These "cards" tell you many things you need to know. These pages are called "cards" because they were written on index cards before the days of computers. The card will list all items needed for the surgery. It will list items you may need to have on standby; equipment that you will need; settings for said equipment; the surgeon's preference regarding preps. The card should have all the information necessary to set up for the case. Make sure to read the card!
Many facilities use these sheets as the charge cards also. It is very important to keep the cards current. Implants may change. Surgeons may learn a new way to do things, requiring different instrumentation. The surgeon may well tell you to change the card, because he "always does it this way". You set others up when you do not keep the cards current.
Some surgeons will try to change their cards every procedure. I once worked with an orthopedic surgeon who had me change his card in five consecutive cases. When he yelled and told me to change his card a sixth time, I told him he would have to keep his card for one week before I would change it again. It worked and he stopped asking me to change it.
Opening the next case
We then proceed to "open" the case. First we need to create a sterile field where we can open sterile supplies. A sterile tablecloth, or a pack containing one, is opened on the back table. (The back table is the table the scrub personnel use to set up all the supplies and instruments.) We try to open in a logical order. The scrub personnel will need to make this mess into a coherent whole. Not always the easiest job, but miraculously they get it done.
Instruments are either wrapped in outer sheets or in hard cases. The sheets are not sterile on the outside, but are sterile inside. The same is true with the hard cases. Often, instruments are opened on a "mayo" stand. This is a small table with two legs and long feet on wheels. This mayo stand will eventually hold the most necessary instruments for the surgery. It is wheeled so the table is over the patient during the surgery.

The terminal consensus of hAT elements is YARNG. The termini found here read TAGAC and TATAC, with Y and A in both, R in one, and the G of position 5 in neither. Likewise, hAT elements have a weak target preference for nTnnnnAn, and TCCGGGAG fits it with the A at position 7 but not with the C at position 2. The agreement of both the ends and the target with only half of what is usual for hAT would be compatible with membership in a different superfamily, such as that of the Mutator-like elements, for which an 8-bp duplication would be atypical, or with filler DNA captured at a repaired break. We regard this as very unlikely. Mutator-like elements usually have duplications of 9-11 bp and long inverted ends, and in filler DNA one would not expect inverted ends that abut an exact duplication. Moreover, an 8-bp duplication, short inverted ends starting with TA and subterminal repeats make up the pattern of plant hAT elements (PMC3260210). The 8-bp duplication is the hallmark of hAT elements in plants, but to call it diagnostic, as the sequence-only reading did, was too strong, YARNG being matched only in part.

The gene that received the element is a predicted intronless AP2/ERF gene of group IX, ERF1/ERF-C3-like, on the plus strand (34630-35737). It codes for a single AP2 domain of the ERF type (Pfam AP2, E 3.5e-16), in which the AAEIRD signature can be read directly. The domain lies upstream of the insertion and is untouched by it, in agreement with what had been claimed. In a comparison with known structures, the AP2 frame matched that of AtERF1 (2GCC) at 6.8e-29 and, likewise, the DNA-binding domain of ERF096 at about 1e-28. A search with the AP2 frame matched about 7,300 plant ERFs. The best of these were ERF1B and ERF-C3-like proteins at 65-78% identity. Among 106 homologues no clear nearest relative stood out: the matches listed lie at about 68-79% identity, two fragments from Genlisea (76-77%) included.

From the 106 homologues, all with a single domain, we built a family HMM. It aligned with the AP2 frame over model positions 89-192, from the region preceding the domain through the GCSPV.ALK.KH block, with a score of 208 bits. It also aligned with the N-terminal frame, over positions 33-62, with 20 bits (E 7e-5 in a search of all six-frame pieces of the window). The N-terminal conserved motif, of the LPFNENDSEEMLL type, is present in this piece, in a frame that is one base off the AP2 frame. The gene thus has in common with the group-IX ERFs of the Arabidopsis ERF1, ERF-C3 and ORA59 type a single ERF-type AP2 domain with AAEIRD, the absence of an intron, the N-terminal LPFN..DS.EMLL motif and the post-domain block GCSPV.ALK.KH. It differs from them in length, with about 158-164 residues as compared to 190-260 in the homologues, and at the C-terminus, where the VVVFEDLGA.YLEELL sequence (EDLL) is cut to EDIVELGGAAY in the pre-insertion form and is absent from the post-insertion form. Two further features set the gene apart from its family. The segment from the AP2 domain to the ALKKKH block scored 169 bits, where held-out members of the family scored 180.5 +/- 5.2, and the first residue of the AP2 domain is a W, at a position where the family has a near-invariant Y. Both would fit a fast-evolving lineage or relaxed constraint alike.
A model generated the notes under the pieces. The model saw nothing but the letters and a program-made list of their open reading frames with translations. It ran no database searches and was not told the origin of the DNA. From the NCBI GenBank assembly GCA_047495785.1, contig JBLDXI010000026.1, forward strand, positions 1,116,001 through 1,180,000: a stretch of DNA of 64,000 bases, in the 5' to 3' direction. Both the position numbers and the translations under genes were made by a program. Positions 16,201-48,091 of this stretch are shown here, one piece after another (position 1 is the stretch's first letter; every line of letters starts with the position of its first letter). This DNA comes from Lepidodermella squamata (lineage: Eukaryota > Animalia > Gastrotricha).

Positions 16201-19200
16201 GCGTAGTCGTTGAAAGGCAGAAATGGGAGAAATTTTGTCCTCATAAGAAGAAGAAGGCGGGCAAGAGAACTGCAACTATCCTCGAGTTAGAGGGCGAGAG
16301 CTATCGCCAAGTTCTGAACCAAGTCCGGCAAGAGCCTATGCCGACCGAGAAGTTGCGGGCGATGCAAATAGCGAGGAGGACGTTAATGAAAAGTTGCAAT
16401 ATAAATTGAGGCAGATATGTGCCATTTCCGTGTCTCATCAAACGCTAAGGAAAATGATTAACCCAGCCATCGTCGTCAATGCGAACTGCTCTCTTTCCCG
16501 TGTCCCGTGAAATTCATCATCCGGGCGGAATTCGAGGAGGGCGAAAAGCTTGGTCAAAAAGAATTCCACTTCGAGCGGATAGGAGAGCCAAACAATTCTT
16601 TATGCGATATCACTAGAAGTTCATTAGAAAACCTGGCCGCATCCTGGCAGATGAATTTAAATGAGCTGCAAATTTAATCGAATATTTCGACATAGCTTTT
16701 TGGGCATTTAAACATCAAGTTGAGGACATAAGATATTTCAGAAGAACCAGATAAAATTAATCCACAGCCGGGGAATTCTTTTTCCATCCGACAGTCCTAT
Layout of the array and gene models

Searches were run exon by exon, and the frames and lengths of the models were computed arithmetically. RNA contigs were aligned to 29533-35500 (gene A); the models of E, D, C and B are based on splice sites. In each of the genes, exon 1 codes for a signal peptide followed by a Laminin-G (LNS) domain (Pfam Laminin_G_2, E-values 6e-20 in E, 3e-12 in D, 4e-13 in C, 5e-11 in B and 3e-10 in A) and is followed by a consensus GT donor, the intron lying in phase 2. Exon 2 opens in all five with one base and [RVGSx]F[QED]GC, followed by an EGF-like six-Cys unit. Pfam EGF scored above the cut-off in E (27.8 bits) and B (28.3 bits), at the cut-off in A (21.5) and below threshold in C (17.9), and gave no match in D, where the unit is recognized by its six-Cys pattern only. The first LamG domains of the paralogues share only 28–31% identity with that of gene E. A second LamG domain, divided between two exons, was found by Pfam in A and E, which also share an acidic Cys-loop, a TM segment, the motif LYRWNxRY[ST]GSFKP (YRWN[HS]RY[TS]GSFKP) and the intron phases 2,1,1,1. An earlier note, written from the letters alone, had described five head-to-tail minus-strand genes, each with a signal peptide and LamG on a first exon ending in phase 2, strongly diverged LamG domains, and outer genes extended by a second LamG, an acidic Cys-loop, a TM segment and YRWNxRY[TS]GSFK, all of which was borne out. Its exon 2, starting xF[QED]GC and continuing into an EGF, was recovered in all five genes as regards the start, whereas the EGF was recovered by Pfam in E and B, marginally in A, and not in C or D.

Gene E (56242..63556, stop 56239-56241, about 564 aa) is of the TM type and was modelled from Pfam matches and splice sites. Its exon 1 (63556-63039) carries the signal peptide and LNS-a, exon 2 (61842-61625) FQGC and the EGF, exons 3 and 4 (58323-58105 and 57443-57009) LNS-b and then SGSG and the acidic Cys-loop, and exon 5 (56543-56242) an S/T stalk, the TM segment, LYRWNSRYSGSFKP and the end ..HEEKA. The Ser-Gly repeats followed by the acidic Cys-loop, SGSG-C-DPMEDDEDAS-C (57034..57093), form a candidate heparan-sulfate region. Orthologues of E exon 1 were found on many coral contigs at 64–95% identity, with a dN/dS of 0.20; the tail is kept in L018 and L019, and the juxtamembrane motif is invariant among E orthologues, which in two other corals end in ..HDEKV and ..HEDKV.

The video below shows some of the items opened and explains a little on sterile technique.
Next we count all the "sponges". Regular people know these "sponges" as the cloth dressings that cover the wound. The main difference is our sponges come with a radio-opaque strip so they can be seen under x-ray if needed. We count all the needles. Anything that is small enough to be left in the surgical wound will be counted. These may be electrocautery tips or anti-fog liquid and sponge. Depending on the surgery, we may count all the instruments also. For a large surgery, this can take some time.
When the scrub personnel has made some order out of the chaos of the back table, we will give them any medications and fluids needed in the surgery. Fluids usually consist of a saline solution that is isotonic to the body's fluids.
At this point we are ready to bring the patient into the room. The nurse leaves to get the patient while the scrubbed personnel continue to "set-up" (make order out of chaos) the table and mayo stand.
Below is a good video of a count being done.
The Circulator's Role in the "Time Out"
Bringing the patient into the operating room
I like the facilities that have anesthesia providers help push the patient to the room. Some facilities will have you push the patient by yourself. This is very bad for your back, so try to find some help.